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Delectable delights - Seoul’s major jujeonburi food towns

Delectable delights - Seoul’s major jujeonburi food towns

* Jujeonburi is a native Korean word that refers to simple foods or snacks eaten between meals

Korean food is much more diverse than what it is internationally popular for: kimchi, bulgogi, or bibimbap. While those foods are indeed quite popular with Koreans, there are plenty more that are just as celebrated, yet virtually unknown to international tourists. For instance, jujeonburi, e.g. tteok-bokki and jeon (Korean style pancakes), are snacks commonly eaten in Korea, but to international tourists, they aren’t as well recognized. In downtown Seoul, both tteok-bokki and jeon have their own pockets of the city filled with restaurants serving their take on the iconic foods. These food towns are easy to get to and relatively inexpensive, so they are recommended for international tourists who want to expand their culinary experience in Korea.

Read on to learn more about some of Seoul’s major jujeonburi food towns that offer visitors a delectable experience.

Sindang-dong Tteok-bokki Town

The first stop on the list is the Sindang-dong Tteok-bokki Town in the Jung-gu District in the heart of Seoul. Sindang-dong is instantly associated with tteok-bokki, and its fame, though widespread among locals, is only slowly beginning to grow among international visitors. The area is conveniently accessed from three subway lines and posses a more old-Seoul charm than some of the more recently popular areas of Seoul. Weekdays are much less crowded than weekends, but finding a seat at one of the many famous tteok-bokki restaurants is never a problem.

Unlike most tteok-bokki restaurants, the tteok-bokki in Sindang-dong is served in a large pot. Various ingredients are piled along with the tteok-bokki in the pot, which is boiled right at the table. This style of tteok-bokki was initiated by Grandma Ma Bongnim, who passed away in 2011. Mabongnim Tteok-bokki is one of the most popular tteok-bokki restaurants in the area. Today, the children of Grandma Ma run the restaurant.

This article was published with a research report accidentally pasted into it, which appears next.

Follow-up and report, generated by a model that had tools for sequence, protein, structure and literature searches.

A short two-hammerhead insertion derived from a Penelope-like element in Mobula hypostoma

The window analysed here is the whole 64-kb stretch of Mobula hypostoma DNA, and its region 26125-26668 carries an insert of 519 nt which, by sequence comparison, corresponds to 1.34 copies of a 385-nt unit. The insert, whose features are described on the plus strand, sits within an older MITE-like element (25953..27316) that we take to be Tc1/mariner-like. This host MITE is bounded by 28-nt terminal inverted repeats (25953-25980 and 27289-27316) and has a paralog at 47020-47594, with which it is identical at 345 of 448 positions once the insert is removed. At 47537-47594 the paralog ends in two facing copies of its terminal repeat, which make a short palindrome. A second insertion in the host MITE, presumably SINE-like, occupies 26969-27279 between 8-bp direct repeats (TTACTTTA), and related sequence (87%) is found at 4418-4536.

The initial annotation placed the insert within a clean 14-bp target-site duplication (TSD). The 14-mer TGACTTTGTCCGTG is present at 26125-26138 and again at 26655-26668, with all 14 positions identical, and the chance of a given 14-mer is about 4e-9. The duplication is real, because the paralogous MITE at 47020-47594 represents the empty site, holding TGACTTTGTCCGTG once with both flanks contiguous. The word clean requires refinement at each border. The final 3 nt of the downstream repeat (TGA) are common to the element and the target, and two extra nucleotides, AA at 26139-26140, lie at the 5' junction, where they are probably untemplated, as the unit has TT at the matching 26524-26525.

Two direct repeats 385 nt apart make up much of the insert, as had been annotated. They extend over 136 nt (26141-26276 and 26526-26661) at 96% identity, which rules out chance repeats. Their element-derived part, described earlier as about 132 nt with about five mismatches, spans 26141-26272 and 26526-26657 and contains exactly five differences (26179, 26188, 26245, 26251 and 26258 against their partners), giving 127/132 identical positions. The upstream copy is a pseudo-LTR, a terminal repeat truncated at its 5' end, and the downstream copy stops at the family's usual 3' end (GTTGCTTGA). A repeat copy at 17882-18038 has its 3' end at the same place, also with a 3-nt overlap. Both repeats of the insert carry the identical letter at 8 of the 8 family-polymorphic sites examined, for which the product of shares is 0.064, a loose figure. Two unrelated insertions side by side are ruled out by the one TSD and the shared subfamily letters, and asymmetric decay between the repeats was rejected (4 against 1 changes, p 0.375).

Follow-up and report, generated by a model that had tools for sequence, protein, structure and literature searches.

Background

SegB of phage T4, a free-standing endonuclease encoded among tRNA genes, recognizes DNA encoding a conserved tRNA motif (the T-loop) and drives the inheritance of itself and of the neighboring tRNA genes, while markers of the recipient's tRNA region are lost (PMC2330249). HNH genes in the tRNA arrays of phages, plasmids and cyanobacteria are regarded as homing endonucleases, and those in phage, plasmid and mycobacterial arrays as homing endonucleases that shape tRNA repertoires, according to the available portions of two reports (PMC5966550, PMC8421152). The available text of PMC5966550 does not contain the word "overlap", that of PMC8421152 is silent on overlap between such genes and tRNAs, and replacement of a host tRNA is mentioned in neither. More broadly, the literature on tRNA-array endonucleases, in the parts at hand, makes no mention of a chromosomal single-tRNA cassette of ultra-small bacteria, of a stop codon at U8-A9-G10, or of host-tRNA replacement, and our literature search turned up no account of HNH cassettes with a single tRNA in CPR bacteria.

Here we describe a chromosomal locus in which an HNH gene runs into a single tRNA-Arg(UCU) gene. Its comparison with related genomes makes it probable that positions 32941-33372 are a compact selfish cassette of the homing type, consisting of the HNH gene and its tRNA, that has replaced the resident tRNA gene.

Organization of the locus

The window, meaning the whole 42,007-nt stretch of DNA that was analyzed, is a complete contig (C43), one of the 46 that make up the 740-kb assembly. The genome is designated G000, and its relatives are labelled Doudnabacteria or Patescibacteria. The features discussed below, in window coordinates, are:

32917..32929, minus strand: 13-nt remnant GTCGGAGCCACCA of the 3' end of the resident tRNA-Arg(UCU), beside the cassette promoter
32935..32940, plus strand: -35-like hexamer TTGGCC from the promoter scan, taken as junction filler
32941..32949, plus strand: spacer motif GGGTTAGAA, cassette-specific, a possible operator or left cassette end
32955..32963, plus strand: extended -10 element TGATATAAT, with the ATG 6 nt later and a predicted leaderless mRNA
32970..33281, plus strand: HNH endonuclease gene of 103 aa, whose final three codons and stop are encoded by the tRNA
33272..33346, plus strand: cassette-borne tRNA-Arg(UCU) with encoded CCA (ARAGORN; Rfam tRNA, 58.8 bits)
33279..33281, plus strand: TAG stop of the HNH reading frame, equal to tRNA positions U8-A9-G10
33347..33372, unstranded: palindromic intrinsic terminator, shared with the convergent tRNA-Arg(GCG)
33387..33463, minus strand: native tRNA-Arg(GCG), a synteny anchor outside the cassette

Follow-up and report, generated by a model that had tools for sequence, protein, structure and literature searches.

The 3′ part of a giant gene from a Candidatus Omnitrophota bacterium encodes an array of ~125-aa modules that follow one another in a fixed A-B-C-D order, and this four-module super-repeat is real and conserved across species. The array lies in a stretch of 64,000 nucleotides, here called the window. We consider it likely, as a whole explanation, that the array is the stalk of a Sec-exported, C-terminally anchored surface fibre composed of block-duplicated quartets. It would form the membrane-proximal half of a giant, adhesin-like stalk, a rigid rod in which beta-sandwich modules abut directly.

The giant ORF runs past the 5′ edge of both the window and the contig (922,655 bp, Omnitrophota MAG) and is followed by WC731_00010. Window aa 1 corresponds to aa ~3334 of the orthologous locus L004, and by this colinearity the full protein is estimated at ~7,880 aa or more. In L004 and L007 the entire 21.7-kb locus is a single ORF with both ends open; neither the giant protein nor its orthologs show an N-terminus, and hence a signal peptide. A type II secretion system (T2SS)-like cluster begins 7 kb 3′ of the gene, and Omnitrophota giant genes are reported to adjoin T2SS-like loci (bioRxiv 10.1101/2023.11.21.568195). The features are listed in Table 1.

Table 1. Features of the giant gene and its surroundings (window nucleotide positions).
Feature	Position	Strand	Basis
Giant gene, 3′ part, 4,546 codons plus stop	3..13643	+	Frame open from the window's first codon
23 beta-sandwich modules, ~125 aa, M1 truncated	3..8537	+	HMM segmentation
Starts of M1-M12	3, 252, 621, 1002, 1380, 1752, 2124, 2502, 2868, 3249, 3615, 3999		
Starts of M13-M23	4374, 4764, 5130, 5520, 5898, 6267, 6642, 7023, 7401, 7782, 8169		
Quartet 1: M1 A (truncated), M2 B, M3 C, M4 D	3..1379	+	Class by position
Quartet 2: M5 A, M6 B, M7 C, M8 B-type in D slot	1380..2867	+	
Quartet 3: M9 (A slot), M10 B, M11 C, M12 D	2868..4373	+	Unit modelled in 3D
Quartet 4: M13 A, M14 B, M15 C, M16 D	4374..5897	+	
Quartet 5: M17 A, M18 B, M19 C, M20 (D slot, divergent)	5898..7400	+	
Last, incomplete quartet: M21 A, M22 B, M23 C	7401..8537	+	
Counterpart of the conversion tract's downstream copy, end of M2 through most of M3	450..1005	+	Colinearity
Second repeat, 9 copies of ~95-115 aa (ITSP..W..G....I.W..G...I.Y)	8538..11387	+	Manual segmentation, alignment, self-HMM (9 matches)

The story of how Grandma Ma came to open her tteok-bokki restaurant thirty years ago in Sindang-dong is quite interesting. She accidentally dropped garaetteok (Korean rice cake formed in a long cylinder shape) in a jajangmyeon dish (noodle dish of Chinese origin noted for its thick, salty black soybean paste sauce) and was so impressed by the taste of rice cake in jajang sauce that she decided to open a tteok-bokki restaurant to share her discovery. She served tteok-bokki in a yellow tin pot with a sauce of gochujang (red pepper paste) and chunjang (the ingredient of jajang sauce), and boiled it over a briquette fire. This is thought to be the first version of the now famous Sindang-dong tteok-bokki.

Thanks to word of mouth, the Mabongnim tteok-bokki restaurant became quite popular, and in the 1980s, other tteok-bokki restaurants began to spring up around Mabongnim Restaurant, forming a “Tteok-bokki Town”.

Today, about ten tteok-bokki restaurants are in business in Sindang-dong as the town continues to enjoy a strong reputation as a major foodie spot in Seoul.

What the restaurant lacks in fancy interior design, it makes up in charm. Portable gas burners are the centerpieces of each table, and the smell of tteok-bokki cooking in the pots fill the air. Some may be intimidated about having to do the cooking, but it is as simple as turning the gas stove on.

Orders are placed by the number of guests at the table and Sindang-dong Tteok-bokki has a two-serving minimum. A large pot is filled with thinly sliced rice cakes, fish cakes, boiled eggs, noodles, and vegetables submerged in a special broth and sauce. The dish will soon begin to boil and though you can dig in when all the ingredients are cooked, we suggest waiting until the broth and sauce reduces to a thicker consistency. By that time, the sauce will have permeated the rice cakes and other ingredients, adding a richer flavor.